I brought the matter up in my branch last week. I was trying to get an idea of how many people thought this interpretation of the policy was a good idea and how many thought it was nonsense.
The justification for the hardliners is that CAMRA is basically guaranteeing the beers it offers for sale at festivals are real ale, and that when people see a beer in the pub with the same name as what they drank at a festival, they might reasonably assume that it is also real ale. (Amusingly enough, the two people most strongly defending the hard line were both happily drinking Cromarty’s AKA IPA at the time).
I understand this argument, though I disagree. But even if you accept the hardline argument, surely the cure is worse than the disease.
We are supposed to be promoting real ale, but have ended up refusing to promote it. We are denying people the opportunity to experience some excellent real ale and to discover how much better it is cask-conditioned. This is stupid.
I cannot defend this to my beer-loving friends outside CAMRA. Nor would I like to be the poor beer festival organiser placed in the embarrassing situation of having to phone up a brewer and cancel an order already placed.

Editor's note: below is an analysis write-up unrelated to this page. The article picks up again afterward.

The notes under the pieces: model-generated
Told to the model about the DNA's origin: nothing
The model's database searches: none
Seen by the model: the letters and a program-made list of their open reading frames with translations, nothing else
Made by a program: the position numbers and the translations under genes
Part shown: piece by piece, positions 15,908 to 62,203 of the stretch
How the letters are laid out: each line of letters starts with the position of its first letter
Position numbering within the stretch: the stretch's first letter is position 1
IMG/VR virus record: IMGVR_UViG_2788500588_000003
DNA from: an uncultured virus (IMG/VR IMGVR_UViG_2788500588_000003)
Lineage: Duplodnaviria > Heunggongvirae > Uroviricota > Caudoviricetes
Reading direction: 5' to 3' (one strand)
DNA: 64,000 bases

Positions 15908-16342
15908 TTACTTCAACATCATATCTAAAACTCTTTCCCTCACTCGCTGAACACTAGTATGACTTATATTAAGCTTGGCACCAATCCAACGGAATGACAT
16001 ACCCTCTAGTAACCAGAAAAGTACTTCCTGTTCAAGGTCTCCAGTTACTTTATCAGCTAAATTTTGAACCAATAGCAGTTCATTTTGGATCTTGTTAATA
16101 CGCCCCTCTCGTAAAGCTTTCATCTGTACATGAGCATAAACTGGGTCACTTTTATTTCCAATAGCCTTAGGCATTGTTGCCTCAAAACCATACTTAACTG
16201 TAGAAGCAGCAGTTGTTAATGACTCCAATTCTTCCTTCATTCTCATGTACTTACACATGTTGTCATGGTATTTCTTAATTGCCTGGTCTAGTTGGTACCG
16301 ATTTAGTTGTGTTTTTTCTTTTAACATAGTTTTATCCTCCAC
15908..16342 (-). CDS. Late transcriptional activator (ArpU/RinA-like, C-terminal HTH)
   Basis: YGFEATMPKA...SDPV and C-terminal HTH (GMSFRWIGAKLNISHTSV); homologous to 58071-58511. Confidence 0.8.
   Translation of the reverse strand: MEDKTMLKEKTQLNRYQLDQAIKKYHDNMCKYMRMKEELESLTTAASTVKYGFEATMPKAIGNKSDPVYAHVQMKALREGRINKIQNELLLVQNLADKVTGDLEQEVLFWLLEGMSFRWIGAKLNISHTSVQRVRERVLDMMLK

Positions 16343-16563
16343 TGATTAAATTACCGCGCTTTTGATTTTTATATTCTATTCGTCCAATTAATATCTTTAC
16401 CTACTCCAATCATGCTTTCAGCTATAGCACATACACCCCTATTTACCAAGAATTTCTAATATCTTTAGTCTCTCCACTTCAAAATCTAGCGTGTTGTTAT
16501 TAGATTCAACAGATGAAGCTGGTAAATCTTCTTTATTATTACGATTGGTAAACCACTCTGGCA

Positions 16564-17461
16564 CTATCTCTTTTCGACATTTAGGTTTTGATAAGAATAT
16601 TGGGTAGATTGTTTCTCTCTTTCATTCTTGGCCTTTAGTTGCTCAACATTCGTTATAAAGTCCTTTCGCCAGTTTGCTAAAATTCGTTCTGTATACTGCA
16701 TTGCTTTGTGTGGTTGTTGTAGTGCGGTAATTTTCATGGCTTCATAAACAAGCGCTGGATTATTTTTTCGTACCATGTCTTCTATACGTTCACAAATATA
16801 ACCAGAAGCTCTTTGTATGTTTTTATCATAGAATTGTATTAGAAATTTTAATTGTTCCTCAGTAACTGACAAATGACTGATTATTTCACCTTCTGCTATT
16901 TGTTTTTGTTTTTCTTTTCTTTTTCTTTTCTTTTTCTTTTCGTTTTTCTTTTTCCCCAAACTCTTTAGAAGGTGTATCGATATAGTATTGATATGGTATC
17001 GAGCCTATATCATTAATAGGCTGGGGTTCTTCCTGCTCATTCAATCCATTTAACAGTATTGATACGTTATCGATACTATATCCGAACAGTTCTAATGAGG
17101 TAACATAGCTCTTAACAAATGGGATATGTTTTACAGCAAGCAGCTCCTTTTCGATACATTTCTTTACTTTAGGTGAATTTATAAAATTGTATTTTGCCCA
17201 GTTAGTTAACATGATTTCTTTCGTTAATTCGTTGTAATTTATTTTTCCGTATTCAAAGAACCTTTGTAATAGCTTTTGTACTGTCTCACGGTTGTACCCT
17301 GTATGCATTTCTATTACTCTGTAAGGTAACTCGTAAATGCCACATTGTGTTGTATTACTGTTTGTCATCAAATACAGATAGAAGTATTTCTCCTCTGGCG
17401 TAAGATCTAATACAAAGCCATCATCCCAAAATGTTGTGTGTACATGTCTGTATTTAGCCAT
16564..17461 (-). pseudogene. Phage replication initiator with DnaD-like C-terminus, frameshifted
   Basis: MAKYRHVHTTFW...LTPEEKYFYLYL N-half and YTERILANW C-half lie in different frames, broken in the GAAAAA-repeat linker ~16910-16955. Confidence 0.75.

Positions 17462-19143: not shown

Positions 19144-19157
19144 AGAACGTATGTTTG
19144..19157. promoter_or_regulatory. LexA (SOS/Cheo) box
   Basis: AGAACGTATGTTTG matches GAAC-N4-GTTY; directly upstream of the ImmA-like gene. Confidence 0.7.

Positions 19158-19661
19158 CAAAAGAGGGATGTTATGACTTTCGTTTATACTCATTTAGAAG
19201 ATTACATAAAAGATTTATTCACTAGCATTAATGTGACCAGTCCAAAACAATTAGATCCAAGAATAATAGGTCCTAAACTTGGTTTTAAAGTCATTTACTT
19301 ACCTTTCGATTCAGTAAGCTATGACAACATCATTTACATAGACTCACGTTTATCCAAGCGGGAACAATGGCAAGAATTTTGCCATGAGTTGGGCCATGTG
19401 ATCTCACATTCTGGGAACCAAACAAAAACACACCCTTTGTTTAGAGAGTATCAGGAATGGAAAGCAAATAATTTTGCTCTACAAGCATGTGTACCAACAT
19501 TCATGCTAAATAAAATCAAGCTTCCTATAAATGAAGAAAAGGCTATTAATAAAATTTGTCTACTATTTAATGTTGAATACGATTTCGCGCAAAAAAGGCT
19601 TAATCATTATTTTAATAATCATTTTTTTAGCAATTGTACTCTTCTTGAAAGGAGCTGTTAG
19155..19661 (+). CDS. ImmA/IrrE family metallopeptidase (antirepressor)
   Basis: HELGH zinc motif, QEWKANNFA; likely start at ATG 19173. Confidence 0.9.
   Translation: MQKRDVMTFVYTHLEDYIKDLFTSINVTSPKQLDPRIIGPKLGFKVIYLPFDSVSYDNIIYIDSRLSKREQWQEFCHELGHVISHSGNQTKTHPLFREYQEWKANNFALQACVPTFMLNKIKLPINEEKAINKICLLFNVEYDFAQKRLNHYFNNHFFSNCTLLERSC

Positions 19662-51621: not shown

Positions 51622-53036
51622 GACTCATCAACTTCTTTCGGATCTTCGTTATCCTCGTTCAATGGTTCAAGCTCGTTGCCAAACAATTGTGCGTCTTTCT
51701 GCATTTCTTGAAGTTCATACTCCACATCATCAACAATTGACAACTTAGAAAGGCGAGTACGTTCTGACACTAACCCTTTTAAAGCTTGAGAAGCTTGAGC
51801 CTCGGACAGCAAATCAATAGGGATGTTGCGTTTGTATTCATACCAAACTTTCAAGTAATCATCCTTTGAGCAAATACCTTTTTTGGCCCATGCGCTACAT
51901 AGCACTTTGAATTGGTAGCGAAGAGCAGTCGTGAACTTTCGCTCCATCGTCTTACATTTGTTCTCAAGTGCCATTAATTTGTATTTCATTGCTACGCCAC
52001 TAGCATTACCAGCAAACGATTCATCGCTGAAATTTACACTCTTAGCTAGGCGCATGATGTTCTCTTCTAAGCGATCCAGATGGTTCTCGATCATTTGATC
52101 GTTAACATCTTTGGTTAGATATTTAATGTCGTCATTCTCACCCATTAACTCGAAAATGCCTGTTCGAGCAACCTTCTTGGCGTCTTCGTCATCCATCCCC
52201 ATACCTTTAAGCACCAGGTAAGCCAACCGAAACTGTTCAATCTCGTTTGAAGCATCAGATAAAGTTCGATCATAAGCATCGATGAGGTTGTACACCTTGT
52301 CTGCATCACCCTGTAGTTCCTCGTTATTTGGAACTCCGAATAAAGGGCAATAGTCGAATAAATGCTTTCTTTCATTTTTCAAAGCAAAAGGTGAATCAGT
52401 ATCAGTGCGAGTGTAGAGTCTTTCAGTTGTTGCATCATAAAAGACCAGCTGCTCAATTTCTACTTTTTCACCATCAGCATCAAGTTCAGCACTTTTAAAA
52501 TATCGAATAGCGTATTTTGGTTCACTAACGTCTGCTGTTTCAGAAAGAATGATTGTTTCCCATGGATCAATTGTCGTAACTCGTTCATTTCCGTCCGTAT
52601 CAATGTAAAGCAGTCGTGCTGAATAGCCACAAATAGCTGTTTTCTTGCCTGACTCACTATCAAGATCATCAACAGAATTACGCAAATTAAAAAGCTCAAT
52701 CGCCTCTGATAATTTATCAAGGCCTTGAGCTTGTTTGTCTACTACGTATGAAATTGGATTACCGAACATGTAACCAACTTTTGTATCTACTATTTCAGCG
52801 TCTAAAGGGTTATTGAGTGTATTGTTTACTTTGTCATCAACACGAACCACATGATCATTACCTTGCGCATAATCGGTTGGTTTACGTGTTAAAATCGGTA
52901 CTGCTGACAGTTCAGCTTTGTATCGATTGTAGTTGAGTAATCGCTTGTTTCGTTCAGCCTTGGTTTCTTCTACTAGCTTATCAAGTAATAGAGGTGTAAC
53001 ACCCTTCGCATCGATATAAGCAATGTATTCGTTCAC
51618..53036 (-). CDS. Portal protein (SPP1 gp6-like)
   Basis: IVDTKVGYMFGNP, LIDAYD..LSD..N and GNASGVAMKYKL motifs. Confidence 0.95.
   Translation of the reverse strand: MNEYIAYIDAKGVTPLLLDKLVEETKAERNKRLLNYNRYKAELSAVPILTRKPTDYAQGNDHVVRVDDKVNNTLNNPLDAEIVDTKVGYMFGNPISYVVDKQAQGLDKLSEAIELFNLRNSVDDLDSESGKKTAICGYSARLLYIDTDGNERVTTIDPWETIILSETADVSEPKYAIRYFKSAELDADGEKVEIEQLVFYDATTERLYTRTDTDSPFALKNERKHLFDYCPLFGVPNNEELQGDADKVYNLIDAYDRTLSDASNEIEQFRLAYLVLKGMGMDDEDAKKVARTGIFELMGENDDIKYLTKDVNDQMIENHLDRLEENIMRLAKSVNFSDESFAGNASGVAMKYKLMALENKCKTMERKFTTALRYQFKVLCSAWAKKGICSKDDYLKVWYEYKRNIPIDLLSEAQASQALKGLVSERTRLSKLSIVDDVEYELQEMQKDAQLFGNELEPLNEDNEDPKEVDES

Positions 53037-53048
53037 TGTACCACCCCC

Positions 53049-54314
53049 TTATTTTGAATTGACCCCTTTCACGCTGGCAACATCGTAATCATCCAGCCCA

Who will be to blame if a hypothetical young drinker tries some keg Cromarty and thinks “Ooh, that’s nice. Better than the stuff they had at the real ale festival” – and then tells all her mates?
Well, it will be the fault of the person who threw his weight around to stop a CAMRA branch giving this imaginary drinker the chance to try the Cromarty beer in cask.
It’s incredibly fatuous, it makes CAMRA look ridiculous, and it gives ammunition to CAMRA-bashers everywhere.